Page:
Bilateral ties further strengthened after Najib returned from a bilateral summit in Beijing last November with about US$34 billion worth of agreements for Chinese investment in his country.
Citi Research now estimates that Chinese funds sunk into Malaysian rail and port projects will reach some 400 billion ringgit in the next two decades.
“Naturally, therefore, Beijing will seek to peddle a wider array of arms to Malaysia, couching it within a broader ambit of promoting defence and security ties with the country,” said Koh.
He added: “Facilitating any Chinese weapons sales to Malaysia, just like the case of the littoral mission ships deal, are the defence funding woes faced by Kuala Lumpur”.
Austerity measures imposed by Najib, who is also finance minister, saw the defence budget come down to 15.1 billion ringgit (US$3.6 billion) for the current financial year, from 17.7 billion ringgit a year ago. That was just over a third of the US$10 billion spent by Southeast Asia’s top defence spender Singapore, and the US$8.2 billion spent by Indonesia.
Despite being Southeast Asia’s third biggest economy, Malaysia is behind Singapore, Indonesia, Thailand and Vietnam in terms of defence spending.
Jon Grevatt, a Bangkok-based defence analyst with IHS Jane’s, said apart from cost savings, strategic considerations would also be at play in any Malaysian decision to procure Chinese weaponry.
With countries like Malaysia, potential procurement of Chinese arms would be a way to “balance strategic relations with major powers”, Grevatt said.
He said Kuala Lumpur was unlikely to abandon defence procurement from the West any time soon. Among Malaysia’s biggest defence buys are its two Scorpene class submarines built by the French naval supplier DCNS in the 2000s.
Even with the country’s languid economic state – seen as a symptom of investor jitters over the 1MDB graft scandal and depressed pump prices – the Malaysian military has not shied away from publicising its modernisation ambitions. Naval officers are pressing ahead with a “15-5” plan that would see the country’s naval fleet restructured from having 15 different classes of vessels to just five classes by 2030. The plan involves the introduction of a completely new fleet and the retirement of all 50 Malaysian vessels currently in service.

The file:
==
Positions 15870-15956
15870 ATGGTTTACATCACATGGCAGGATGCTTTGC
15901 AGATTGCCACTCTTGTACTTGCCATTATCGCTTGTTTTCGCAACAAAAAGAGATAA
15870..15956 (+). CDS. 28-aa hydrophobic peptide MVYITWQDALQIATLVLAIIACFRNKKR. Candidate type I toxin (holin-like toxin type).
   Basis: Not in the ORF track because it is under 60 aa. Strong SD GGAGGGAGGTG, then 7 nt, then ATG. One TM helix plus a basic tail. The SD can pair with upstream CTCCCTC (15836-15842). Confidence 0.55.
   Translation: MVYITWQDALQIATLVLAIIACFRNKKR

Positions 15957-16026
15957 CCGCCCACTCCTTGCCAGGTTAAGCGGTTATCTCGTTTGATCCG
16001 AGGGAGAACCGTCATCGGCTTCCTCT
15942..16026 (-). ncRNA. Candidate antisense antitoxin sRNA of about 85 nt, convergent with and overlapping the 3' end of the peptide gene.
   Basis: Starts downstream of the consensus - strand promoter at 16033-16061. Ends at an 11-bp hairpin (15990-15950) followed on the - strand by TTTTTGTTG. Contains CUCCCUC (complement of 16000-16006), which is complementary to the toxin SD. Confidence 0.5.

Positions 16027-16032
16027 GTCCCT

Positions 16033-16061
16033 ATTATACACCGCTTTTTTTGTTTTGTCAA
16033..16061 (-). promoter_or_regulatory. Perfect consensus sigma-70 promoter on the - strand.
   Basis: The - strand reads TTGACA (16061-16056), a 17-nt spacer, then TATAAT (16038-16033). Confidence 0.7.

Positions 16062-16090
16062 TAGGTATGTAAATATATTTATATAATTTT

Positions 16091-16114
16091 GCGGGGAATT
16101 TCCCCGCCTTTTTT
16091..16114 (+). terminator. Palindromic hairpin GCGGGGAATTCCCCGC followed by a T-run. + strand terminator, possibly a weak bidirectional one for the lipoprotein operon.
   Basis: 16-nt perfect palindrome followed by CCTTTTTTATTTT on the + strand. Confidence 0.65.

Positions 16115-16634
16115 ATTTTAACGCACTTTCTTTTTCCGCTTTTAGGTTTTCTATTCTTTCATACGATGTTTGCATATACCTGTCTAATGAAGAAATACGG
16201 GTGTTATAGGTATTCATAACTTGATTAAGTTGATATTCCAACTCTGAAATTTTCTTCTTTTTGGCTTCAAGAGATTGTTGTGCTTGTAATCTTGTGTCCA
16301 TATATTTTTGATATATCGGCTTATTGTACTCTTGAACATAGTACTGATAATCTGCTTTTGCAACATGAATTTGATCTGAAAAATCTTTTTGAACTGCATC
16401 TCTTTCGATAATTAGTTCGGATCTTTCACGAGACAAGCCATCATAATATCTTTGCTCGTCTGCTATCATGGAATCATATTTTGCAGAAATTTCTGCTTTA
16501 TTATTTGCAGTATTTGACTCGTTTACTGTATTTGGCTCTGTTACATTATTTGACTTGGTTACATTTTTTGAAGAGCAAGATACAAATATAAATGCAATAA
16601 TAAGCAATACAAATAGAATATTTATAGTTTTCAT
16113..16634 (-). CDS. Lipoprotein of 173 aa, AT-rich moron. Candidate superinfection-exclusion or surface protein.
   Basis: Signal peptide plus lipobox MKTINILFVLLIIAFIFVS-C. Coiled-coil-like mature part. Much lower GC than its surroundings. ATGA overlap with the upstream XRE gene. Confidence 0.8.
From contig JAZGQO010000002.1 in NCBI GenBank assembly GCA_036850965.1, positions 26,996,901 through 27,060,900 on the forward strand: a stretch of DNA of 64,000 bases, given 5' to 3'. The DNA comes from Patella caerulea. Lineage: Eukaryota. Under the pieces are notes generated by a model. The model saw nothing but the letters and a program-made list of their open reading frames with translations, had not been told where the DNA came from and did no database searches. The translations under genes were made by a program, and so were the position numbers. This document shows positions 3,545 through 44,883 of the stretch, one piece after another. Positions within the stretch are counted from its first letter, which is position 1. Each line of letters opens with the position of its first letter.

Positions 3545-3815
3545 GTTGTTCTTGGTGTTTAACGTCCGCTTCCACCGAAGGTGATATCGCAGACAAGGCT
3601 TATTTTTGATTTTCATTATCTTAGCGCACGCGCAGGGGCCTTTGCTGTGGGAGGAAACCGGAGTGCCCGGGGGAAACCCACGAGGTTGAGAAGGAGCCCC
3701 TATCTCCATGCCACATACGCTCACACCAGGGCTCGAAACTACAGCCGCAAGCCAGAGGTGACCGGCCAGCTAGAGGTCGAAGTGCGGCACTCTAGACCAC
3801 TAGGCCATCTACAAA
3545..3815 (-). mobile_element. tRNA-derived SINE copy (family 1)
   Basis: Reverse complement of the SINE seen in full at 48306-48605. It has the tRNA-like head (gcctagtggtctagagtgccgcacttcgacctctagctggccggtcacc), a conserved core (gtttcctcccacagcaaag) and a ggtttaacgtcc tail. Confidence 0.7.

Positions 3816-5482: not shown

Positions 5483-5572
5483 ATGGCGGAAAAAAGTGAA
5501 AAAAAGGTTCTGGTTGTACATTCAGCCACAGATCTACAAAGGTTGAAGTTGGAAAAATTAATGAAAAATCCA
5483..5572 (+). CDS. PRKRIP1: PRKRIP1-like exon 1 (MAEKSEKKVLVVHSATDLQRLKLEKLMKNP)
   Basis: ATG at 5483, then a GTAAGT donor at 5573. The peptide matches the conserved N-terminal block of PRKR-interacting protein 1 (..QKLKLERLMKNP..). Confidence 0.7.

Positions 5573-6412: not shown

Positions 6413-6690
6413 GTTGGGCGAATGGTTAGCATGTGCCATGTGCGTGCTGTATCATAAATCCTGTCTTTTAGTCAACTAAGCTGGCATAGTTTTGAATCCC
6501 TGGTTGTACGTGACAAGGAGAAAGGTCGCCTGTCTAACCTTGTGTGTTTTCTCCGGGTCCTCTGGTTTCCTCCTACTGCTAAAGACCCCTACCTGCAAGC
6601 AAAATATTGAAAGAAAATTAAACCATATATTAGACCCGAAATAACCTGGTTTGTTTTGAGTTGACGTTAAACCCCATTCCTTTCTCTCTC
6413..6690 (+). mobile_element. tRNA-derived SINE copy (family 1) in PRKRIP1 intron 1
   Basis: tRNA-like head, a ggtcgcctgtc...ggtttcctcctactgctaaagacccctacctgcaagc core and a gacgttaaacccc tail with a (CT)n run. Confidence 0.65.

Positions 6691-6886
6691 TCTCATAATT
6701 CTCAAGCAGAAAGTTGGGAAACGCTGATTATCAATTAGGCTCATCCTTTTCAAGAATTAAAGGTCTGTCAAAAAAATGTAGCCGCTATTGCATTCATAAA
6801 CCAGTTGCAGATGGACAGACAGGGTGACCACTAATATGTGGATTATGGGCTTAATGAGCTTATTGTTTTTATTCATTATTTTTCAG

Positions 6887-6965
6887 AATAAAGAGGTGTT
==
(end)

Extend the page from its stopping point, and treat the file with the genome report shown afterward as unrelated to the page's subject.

The air force has said it wants to boost aerial surveillance capabilities to meet a rising threat from Islamic State militants seeking safe havens in Southeast Asia. Defence Minister Hishammuddin Hussein last week said the military was considering buying second-hand P-3 Orion surveillance aircraft from Japan.
AND THE ROCKET LAUNCHERS?
The Malaysian military wish list – at least the assets publicly identified by officials like Hishammuddin – do not include the Chinese AR3 multi-range rocket launch system (MRLS) and the radar system mentioned in the news reports this month.
The reports in the Singaporean daily The Straits Times and the Malaysian online news website The Malaysian Insight quoted unnamed Malaysian officials. They were written by journalists known for their deep connections in the Malaysian government.
Koh, the Singaporean researcher, said “even if the deal does take place, it’s nothing bombastic”. He said Malaysia’s two immediate neighbours, Singapore and Thailand, were fitted with US and Chinese-made MRLS.
Malaysia’s Brazil-made Astros II MRLS has a longer firing range compared with the AR3 system mentioned in the reports. “So, the introduction of this rocket won’t alter the strategic military power balance in Southeast Asia,” Koh said.
Shahriman Lockman, a Malaysian military watcher at Kuala Lumpur’s Institute of Strategic and International Studies, suggested the reports were deliberately planted to spook the Lion City ahead of August 9, the 52nd anniversary of its acrimonious split from Malaysia.
“This was either the work of a defence contractor or someone who wanted to send Singapore a message. That it was reported on Singapore’s National Day may not have been a coincidence.” ■